Open menu Close menu Open Search Close search Open sharebox Close sharebox
. . Support our Sponsor

. . Flags of the World Maps of All Countries Home Page Countries Index

Bolivia Attitudes Toward Antinarcotics Forces
Sources: The Library of Congress Country Studies; CIA World Factbook
    << Back to Bolivia National Security

    The presence of the United States military forces in Bolivia in 1986 created widespread controversy in the country. Although four political parties, including the ruling party and, belatedly, Congress approved the joint Bolivian-United States military exercises in the Chapare lowlands of Cochabamba Department from April 26 to May 6, 1986, several leftist parties and civilian trade union and regional organizations opposed them as a violation of national sovereignty. Political and labor opposition groups, including the Bolivian Labor Federation (Central Obrera Boliviana--COB), formed a council to express their strong opposition to the presence of the United States forces and to challenge the legality of inviting foreign troops into the country without the prior approval of Congress. The most militant opposition came from workers, campesinos, and other residents of the Chapare and Yungas regions who claimed that coca growing was their only means of making a living. Urged on by cocaine traffickers and peasant union federations, coca farmers resorted to mass-mobilization tactics such as sit-ins, demonstrations, and road blockades. In one incident in October 1986, some 6,000 residents of the Beni town of Santa Ana de Yacuma expelled 150 United States soldiers and Umopar members.

    In the late 1980s, the Bolivian press charged that DEA agents had killed a number of demonstrating peasants, protected the Huanchaca cocaine factory, and failed to combat the coca/cocaine industry. In July 1987, campesinos laid siege to a DEA camp in Chimoré, forcing the temporary departure of twenty-five DEA agents and the relocation of the Umopar base. In May 1988, thousands of campesinos demonstrated for two days in downtown Cochabamba, demanding the expulsion of twenty DEA agents from Bolivia and governmental respect for their coca-growing livelihood. In order to get the coca growers to return home, the government agreed to modify the eradication plan. In addition to promising not to force any relocations, the government pledged to seek only voluntary reduction of coca fields, to decriminalize coca growing, and to seek more funds to develop other crops.

    Exercises called "United Forces 88" scheduled for May 1988 were suspended, in part because of widespread complaints in the local press, Congress, and among political parties about the holding of the May 1987 Absalom exercises. Most of Bolivia's political parties denounced them as another violation of national sovereignty. The president dismissed his minister of national defense after the latter, inebriated, failed to provide a coherent explanation to the National Congress of why the government invited the United States troops to participate in the scheduled 1988 exercises.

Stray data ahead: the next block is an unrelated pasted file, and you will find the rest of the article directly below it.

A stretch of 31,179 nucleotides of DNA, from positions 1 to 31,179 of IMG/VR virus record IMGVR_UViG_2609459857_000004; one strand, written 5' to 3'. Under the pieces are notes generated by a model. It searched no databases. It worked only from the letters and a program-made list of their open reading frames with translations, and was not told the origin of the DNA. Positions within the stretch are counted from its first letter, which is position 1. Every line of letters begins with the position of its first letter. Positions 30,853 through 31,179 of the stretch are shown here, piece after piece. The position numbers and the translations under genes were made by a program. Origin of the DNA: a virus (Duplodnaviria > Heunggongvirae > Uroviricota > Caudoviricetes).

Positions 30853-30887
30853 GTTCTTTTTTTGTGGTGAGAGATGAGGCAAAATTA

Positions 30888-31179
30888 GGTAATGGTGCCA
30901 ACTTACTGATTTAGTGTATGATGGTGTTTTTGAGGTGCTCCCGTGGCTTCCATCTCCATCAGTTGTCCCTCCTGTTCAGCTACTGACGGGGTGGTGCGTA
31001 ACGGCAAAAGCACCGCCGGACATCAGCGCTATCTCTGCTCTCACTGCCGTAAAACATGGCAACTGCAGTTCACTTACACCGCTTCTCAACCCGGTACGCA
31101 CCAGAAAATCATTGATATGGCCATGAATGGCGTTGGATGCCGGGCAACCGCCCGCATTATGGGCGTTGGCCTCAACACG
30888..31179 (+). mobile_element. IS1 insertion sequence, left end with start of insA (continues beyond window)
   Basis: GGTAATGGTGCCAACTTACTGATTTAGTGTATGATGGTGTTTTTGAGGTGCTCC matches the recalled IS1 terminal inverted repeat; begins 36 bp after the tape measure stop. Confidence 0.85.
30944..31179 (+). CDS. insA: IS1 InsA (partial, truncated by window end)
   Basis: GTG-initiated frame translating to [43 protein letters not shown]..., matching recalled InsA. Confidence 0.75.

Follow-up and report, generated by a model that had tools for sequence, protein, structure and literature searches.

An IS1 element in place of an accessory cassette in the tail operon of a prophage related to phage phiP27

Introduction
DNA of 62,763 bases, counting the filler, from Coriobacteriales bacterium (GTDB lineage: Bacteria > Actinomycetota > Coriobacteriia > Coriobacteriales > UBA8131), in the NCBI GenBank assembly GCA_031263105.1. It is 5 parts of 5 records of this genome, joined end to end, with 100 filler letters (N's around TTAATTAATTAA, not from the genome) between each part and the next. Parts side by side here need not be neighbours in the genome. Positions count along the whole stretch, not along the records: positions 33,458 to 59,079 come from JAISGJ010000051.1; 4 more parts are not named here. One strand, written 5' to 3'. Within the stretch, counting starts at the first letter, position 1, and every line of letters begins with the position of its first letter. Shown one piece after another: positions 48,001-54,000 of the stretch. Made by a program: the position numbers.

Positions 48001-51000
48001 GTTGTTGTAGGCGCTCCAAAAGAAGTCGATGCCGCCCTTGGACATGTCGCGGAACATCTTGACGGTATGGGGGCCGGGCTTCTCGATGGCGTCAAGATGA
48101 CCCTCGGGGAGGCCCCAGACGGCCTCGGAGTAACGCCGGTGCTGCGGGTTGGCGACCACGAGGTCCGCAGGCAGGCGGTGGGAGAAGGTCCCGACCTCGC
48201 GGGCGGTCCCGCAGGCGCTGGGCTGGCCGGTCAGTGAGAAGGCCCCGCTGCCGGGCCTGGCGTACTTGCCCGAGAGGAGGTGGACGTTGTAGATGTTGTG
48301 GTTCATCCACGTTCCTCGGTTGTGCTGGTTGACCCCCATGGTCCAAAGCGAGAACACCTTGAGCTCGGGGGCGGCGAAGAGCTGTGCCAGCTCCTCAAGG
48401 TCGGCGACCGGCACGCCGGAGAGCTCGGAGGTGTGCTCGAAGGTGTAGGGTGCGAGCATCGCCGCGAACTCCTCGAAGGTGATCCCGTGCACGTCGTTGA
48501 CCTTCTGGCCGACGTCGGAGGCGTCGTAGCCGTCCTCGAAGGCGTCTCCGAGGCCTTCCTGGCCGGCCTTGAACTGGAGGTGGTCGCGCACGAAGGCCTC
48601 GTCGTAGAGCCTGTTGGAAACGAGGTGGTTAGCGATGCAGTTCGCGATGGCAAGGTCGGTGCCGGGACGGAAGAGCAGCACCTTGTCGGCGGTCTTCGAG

In the Chapare, where more than a dozen campesinos were reported killed by the Umopar in the 1986-88 period, charges of human rights abuses by antidrug forces helped drug traffickers to incite Chapare coca growers. The president of the Permanent Assembly of Human Rights of Bolivia (Asamblea Permanente de Derechos Humanos de Bolivia) reported in 1988 that antidrug police routinely attacked coca growers, robbing them of money and goods. At the same time, the drug traffickers, better armed than the Umopar, methodically employed terrorist methods against Chapare residents who refused to cooperate with the cocaine industry.

    The 1988 Antinarcotics Law inflamed Bolivia's long tradition of nationalist, anti-imperialist, and anti-Yankee sentiment. Bolivians widely perceived the new law to be the result of unacceptable pressure on their government by the United States, which had linked coca eradication to the disbursement of loans to Bolivia by the United States, the World Bank (see Glossary), and the Inter-American Development Bank (IDB). The left-wing opposition, including the Free Bolivia Movement (Movimiento Bolivia Libre--MBL), joined forces with coca producers in opposing the law.

    Despite the adoption of the 1988 Antinarcotics Law and the government's claims of progress in the antidrug struggle, Bolivian officials and political leaders in early 1989 reportedly felt that enforcing antidrug measures through repression caused too much social and economic damage. In addition, repressive measures were met with violent resistance by coca growers and processors. In an apparent policy shift, Paz Estenssoro began advocating voluntary crop-substitution and eradication. His government also began to seek US$600 million from wealthy nations to develop alternative agricultural crops and jobs, build roads, and install electricity in the Chapare. The Pz Estenssoro government also remained publicly opposed to the possible return of United States troops to Bolivia.

    Data as of December 1989

    NOTE: The information regarding Bolivia on this page is re-published from The Library of Congress Country Studies and the CIA World Factbook. No claims are made regarding the accuracy of Bolivia Attitudes Toward Antinarcotics Forces information contained here. All suggestions for corrections of any errors about Bolivia Attitudes Toward Antinarcotics Forces should be addressed to the Library of Congress and the CIA.

Support Our Sponsor

Support Our Sponsor

Please put this page in your BOOKMARKS - - - - -

Revised 10-Nov-04
Copyright © 2004-2020 Photius Coutsoukis (all rights reserved)